The latest regional population figures from the Australian Bureau of Statistics reveal an increasing trend toward inner city living, as Gen Y leads the surge of people choosing to move closer to our major CBD’s.
As they leave the sanctuary of their parents’ homes and realise true independence, most Gen Y’s are opting to live closer to employment opportunities, established infrastructure and lifestyle amenities, including public transport, shopping, restaurants and entertainment facilities.
According to the ABS, approximately half of all people living in the heart of key capital cities are young, entry level workers between 20 to 29 years of age. Gen Y is clearly dominant in Melbourne city, with 20 to 29 year olds accounting for 60% of the working population, while this demographic makes up around half of Brisbane and Sydney’s inner city populace.
The ABS reports that the overall Australian population grew by around 9% over the past five years. During the same period, Perth’s inner city population swelled by 80% and parts of Brisbane city by close to 60%, while the popular Southbank/Docklands area of Melbourne grew by almost 6,500 people and other parts of Melbourne gained 15,000 new residents.
This exodus from outlying areas by younger Australians is in direct contrast to the living preferences of previous generations, who felt the inner city areas were undesirable, industrial districts. In fact not too long ago, it was quite apparent that we showed a distinct cultural preference for the McMansions and big backyards afforded by outer suburbia.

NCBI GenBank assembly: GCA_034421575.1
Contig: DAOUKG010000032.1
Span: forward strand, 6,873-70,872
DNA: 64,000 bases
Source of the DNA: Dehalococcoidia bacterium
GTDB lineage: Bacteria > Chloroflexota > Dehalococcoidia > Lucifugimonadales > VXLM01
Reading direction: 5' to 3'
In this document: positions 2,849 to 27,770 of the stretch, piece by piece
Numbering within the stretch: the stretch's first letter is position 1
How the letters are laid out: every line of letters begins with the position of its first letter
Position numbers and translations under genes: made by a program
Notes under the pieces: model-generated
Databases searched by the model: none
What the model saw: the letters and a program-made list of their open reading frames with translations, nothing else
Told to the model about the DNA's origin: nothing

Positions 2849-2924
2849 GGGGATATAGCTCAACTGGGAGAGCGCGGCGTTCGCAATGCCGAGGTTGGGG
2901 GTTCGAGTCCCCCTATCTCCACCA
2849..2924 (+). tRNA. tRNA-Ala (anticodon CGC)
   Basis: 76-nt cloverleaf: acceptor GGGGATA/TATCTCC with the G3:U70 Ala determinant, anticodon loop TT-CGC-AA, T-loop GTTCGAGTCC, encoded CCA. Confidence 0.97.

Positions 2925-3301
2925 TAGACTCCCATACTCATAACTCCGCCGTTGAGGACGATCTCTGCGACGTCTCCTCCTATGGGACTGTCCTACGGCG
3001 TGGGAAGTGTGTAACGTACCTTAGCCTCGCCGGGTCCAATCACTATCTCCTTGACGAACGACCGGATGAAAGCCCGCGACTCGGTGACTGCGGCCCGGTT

The implication for Australian housing borne from this latest ABS data is clear; times are changing and so too must future development if it is to keep up with increasing demand for inner city accommodation.
Already, state and local governments are reviewing development policies, encouraging the construction of higher density unit and apartment style dwellings close to key transportation hubs and existing major infrastructure.
More is required though; with an already critical housing shortage causing increasing affordability issues in the highly sought after inner city rings of our major CBD’s, it’s essential that more land is re-zoned to allow for apartment living, rather than new suburbs on the periphery. Only by taking such a pro-active approach will we ensure that our rapidly increasing population can be accommodated effectively.
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